I beg to move amendment No. 72, in page 58, line 14, after ''5'', insert ''(2) and (3)''.
The amendment seeks to limit the applicable conditions to exclude the conditions set out in paragraph 5(4). I do not know whether all hon. Members have looked at the amendment, but it arises under the general heading of the effects of registration.
Paragraph 9(3) states that where a squatter—for a moment I thought that I might get a glimmer of interest from the other side of the Committee—is registered as proprietor, he takes the property free from any mortgage that is registered against it. Paragraph 9(4) goes on to specify certain exceptions; in other words, cases where the squatter will take the property subject to any existing mortgage. Such situations could crop up quite easily; a lot of squatting goes on in relation to land, so I hope that we will get a coherent response, of the sort to which we are used, from the Minister. The question is whether a squatter should take subject to a mortgage when paragraph 5(4) applies.
One of the requirements is that the squatter reasonably believes that the land is already his. With the greatest respect to squatters, I have to say that they often believe that the land is already theirs, for reasons that, I suspect, have much to do with the arguments that we heard during debates on new clauses 2 and 3. Irrespective of whether or not land is actually owned by someone, a belief is prevalent in certain parts of the world that it should belong to everyone. Squatters fall into that category. They are sometimes driven to illegal occupation of land in circumstances in which many people are sympathetic to their plight. However, I suggest that, in most cases, they have a reckless disregard for the land that they are invading.
In this case, a requirement is that the squatter reasonably believes that the land is already his. That requirement exists to cope with genuine boundary confusions. I shall give an illustration of what is likely to happen. It sounds a little like the questions put to me in my Law Society final examinations, so the Committee must forgive me if I read it with some nostalgia. A takes out a mortgage on his house and large garden. Unknown to him, the deeds include, and therefore the mortgage covers, a strip of land at the edge of the garden actually occupied by his neighbour, B. B thinks that that land is his. When he discovers that it is not, he successfully applies the registration of his title acquired by adverse possession. That only confirms the position that has existed for at least 10 years.
In such circumstances, why, asks the examiner—and the official Opposition—should B be saddled with a slice of A's mortgage? I see that the student Minister is passing a note to his tutor to ensure that we get the right answer. I do not say that with any disrespect, because I am sure that we need, and will get, the right answer. The amendment would exempt B. Will the Minister please comment?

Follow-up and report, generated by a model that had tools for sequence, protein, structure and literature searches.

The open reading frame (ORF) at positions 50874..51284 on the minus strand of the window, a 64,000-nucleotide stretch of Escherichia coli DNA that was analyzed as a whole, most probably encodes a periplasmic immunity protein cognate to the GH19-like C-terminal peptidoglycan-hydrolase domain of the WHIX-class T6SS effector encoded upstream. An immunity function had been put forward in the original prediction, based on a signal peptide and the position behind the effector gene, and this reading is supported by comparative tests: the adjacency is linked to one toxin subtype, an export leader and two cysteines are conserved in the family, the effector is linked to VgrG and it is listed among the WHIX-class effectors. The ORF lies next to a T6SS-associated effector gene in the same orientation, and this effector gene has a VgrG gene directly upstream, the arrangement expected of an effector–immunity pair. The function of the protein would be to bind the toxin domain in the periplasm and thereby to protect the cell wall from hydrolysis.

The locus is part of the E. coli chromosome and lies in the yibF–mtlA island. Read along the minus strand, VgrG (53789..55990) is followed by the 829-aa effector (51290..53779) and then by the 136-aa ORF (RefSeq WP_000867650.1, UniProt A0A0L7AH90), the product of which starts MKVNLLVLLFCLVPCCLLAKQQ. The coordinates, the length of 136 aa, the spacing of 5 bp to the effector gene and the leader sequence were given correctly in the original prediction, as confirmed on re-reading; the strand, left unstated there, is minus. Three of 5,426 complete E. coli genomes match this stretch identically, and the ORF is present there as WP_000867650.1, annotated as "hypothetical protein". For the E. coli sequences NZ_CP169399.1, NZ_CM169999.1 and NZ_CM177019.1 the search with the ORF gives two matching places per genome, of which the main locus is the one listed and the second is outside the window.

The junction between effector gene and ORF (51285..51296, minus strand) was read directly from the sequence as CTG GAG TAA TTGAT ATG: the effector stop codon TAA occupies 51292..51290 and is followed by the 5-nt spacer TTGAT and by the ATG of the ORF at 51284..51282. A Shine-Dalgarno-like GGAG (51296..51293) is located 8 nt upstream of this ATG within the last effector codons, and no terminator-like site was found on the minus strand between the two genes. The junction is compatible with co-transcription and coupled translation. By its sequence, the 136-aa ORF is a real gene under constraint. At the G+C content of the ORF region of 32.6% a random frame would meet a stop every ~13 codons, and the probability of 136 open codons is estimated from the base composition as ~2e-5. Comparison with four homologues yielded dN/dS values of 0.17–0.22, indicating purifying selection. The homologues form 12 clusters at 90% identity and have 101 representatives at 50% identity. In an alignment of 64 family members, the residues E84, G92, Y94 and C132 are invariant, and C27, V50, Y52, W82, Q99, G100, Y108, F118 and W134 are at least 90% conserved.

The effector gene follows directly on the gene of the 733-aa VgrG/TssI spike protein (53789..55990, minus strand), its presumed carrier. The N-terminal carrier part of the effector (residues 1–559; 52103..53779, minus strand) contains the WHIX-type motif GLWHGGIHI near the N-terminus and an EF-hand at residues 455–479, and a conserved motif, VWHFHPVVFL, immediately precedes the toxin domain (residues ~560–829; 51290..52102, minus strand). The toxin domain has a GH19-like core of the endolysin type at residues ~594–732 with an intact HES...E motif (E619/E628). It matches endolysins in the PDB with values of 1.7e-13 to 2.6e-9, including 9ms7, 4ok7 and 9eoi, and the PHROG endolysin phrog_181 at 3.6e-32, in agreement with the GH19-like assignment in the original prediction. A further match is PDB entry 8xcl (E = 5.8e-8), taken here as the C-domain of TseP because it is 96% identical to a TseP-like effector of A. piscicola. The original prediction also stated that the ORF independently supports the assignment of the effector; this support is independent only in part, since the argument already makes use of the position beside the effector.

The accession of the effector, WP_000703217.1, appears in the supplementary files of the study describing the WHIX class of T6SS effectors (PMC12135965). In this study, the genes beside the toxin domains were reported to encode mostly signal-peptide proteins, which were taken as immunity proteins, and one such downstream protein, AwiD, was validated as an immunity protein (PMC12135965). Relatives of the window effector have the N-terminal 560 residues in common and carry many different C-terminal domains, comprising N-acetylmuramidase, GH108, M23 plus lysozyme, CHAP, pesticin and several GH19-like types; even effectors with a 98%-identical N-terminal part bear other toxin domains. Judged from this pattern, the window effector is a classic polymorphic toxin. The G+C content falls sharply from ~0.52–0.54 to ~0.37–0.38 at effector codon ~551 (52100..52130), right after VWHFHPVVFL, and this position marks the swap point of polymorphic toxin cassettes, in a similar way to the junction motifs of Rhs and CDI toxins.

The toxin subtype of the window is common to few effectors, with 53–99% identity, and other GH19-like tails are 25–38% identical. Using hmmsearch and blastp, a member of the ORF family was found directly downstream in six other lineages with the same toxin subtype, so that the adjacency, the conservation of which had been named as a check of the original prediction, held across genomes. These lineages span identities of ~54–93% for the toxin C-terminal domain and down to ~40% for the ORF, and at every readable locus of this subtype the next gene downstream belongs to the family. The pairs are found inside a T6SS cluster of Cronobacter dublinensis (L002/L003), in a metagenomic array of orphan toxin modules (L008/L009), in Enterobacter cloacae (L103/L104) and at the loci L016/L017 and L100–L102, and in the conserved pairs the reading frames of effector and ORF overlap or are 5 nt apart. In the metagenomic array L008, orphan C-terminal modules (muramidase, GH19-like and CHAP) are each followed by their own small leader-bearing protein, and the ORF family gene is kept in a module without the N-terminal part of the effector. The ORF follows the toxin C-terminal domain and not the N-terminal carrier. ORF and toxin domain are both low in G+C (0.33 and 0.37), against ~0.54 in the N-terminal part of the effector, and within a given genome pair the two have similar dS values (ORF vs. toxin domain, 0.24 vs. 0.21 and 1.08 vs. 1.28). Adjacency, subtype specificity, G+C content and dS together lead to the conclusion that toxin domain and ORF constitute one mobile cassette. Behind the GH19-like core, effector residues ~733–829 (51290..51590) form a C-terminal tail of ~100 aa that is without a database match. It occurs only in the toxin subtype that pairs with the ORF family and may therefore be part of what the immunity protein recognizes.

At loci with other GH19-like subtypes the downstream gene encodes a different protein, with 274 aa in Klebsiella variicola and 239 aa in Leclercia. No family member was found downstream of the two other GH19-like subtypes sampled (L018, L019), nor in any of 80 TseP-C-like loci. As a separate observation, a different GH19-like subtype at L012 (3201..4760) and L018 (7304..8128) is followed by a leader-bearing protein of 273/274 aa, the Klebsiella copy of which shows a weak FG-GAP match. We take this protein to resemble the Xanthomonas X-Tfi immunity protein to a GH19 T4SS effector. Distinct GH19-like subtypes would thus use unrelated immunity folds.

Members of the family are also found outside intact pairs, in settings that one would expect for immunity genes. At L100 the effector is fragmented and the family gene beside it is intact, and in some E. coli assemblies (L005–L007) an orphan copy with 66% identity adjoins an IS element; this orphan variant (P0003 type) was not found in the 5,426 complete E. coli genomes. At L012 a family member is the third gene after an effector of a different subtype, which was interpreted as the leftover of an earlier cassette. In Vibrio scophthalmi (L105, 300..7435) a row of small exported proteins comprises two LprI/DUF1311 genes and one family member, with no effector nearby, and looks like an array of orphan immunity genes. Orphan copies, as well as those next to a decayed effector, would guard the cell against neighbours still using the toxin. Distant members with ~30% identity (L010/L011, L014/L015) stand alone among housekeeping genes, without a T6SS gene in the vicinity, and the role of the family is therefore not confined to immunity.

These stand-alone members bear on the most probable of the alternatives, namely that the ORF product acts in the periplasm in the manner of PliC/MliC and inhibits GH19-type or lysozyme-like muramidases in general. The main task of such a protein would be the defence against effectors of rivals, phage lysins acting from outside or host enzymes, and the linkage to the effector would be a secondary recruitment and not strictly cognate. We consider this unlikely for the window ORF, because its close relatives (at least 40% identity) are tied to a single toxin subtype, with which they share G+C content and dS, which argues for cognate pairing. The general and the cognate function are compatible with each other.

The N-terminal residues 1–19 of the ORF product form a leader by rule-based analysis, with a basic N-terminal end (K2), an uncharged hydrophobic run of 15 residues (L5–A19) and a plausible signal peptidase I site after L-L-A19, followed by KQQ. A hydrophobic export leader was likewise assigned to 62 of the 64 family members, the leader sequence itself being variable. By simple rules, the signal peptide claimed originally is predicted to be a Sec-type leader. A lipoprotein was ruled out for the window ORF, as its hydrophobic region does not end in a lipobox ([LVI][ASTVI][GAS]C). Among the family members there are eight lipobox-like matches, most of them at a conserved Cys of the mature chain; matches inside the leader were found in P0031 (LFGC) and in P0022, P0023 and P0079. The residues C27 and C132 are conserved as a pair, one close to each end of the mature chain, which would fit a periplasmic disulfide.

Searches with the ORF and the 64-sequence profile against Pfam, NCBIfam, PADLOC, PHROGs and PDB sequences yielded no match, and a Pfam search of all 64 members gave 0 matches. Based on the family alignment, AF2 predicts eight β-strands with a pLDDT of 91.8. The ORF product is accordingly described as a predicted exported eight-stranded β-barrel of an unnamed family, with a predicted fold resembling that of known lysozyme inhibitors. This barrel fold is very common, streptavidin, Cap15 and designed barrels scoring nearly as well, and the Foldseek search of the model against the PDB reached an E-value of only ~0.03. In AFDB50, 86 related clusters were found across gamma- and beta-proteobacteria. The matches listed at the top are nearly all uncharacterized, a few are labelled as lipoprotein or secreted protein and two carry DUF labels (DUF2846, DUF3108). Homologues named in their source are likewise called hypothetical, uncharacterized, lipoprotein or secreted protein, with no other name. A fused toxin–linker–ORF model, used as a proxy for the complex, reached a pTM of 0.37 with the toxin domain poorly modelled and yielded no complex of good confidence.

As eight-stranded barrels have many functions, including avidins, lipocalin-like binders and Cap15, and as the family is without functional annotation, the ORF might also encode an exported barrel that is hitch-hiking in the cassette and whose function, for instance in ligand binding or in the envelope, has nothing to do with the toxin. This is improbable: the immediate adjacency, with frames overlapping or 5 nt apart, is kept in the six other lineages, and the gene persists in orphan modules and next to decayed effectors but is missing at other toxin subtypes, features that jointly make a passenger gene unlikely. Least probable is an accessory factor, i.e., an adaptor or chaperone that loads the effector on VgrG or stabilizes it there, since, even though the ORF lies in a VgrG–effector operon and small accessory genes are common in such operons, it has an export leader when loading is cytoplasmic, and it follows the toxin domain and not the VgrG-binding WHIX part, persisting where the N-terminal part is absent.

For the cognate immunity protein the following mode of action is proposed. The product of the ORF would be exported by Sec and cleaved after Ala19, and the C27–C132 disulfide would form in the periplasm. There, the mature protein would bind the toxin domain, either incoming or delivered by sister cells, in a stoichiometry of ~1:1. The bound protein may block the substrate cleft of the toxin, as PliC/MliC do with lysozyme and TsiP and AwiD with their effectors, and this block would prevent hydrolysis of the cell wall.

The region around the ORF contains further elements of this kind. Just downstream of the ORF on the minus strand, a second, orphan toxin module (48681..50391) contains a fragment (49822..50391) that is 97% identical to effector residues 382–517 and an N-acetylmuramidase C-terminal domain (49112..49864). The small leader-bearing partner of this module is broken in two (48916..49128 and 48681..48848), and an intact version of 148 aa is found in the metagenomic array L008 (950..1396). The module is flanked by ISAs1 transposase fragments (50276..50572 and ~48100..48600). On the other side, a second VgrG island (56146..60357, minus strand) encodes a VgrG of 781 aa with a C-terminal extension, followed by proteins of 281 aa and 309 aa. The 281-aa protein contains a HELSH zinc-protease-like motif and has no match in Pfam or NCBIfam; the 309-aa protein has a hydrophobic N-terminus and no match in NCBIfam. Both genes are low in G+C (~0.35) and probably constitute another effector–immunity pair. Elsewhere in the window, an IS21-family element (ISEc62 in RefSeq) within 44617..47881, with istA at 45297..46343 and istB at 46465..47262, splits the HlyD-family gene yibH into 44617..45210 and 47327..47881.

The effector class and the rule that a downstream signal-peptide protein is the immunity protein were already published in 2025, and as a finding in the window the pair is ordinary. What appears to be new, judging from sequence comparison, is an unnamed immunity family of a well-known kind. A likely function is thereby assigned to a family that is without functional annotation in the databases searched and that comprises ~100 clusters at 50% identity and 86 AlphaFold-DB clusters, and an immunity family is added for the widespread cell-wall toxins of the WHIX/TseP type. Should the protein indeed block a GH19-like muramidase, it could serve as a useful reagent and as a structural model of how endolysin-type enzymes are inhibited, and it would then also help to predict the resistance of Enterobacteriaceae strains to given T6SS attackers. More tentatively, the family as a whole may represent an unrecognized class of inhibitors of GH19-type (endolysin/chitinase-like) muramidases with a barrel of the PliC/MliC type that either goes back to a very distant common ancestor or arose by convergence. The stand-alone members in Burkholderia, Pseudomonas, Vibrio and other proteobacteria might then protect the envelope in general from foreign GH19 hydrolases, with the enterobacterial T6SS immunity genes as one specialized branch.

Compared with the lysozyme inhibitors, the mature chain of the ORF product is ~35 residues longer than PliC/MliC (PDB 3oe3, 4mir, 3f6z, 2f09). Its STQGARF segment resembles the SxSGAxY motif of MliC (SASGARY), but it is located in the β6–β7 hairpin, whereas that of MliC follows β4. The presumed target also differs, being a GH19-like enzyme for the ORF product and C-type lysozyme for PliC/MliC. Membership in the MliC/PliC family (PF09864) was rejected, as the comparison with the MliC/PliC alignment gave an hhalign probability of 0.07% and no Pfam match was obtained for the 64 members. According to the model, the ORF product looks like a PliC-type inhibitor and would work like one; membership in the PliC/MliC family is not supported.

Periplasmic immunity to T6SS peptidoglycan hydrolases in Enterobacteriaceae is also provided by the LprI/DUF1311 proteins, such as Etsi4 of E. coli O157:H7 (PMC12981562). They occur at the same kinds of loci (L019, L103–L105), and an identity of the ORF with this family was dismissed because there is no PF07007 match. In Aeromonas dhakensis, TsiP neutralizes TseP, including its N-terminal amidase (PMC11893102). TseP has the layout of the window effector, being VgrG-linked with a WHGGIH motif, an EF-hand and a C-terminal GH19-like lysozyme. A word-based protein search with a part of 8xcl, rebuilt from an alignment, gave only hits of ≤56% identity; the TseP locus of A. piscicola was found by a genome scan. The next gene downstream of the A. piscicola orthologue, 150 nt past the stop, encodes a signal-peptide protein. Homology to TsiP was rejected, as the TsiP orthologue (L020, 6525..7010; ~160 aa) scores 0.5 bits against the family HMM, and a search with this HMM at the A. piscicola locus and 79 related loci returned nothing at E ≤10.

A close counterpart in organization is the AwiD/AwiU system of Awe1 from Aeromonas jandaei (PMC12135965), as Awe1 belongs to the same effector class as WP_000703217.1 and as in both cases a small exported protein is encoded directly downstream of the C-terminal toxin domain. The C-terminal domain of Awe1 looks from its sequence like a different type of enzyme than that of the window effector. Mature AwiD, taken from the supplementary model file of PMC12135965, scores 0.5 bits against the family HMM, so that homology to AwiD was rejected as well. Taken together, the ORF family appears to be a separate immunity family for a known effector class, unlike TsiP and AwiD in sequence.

The amendment is interesting and relates to situations that could arise frequently. Undoubtedly there will be applications where a squatter has gained title to a large proportion of the estate. Sometimes, the sums of money involved will be large, whether the proportion of the estate is small or large. In such circumstances, were the amendment adopted, former registered owners could find not only that they had lost a proportion—perhaps a valuable one—of their land,
but that they still remained subject to any charge on the land that had been lost. Additionally, a lender could lose a significant part of its security. It seems to me that that would be an injustice for both the former owner and the lender.
We face a choice. The Bill as it stands imposes the inconvenience of an additional stage in working out what should happen when a squatter is successful. That often involves comparatively small sums of money, but undoubtedly fairly apportions the remaining financial liabilities and any charge on the land. The amendment would remove that stage for many, but would be unfair for the few cases in which there was a large charge. The existence of the apportionment rule could discourage some from making unmeritorious applications. There is a possible argument—it may not carry much weight with the hon. Member for Stone—that, were the amendment made, it would place the Bill at the risk of being challenged under the Human Rights Act 1998. The general arguments are in favour of the Bill as it stands.
It is, and, if the amendment were made, the Bill might fall foul of article 1 of the European convention on human rights as it relates to the Human Rights Act.
At the dying stages of the Committee, I do not want to enter into an arid discussion. However, with whom do the legal rights lie? If the rights lay, by adverse possession, with the ownership of the squatter, he would be able to sustain human rights vis-a-vis the owner of the land. That would be a perfect example of the nonsense that is thrown up by some parts of the Bill.
Quite simply, the human rights would be those of the chargee. The amendment throws up certain problems in that respect. After taking in the other arguments for a balance of fairness, I hope that the hon. Gentleman will withdraw the amendment. I recognise his point, but a balance of fairness must be struck and we think that the Bill strikes it.
I am always happy to consider anything that the hon. Gentleman says, but can give no guarantee as to the outcome of that consideration. I hope the fact that I will give consideration will enable him to withdraw the amendment.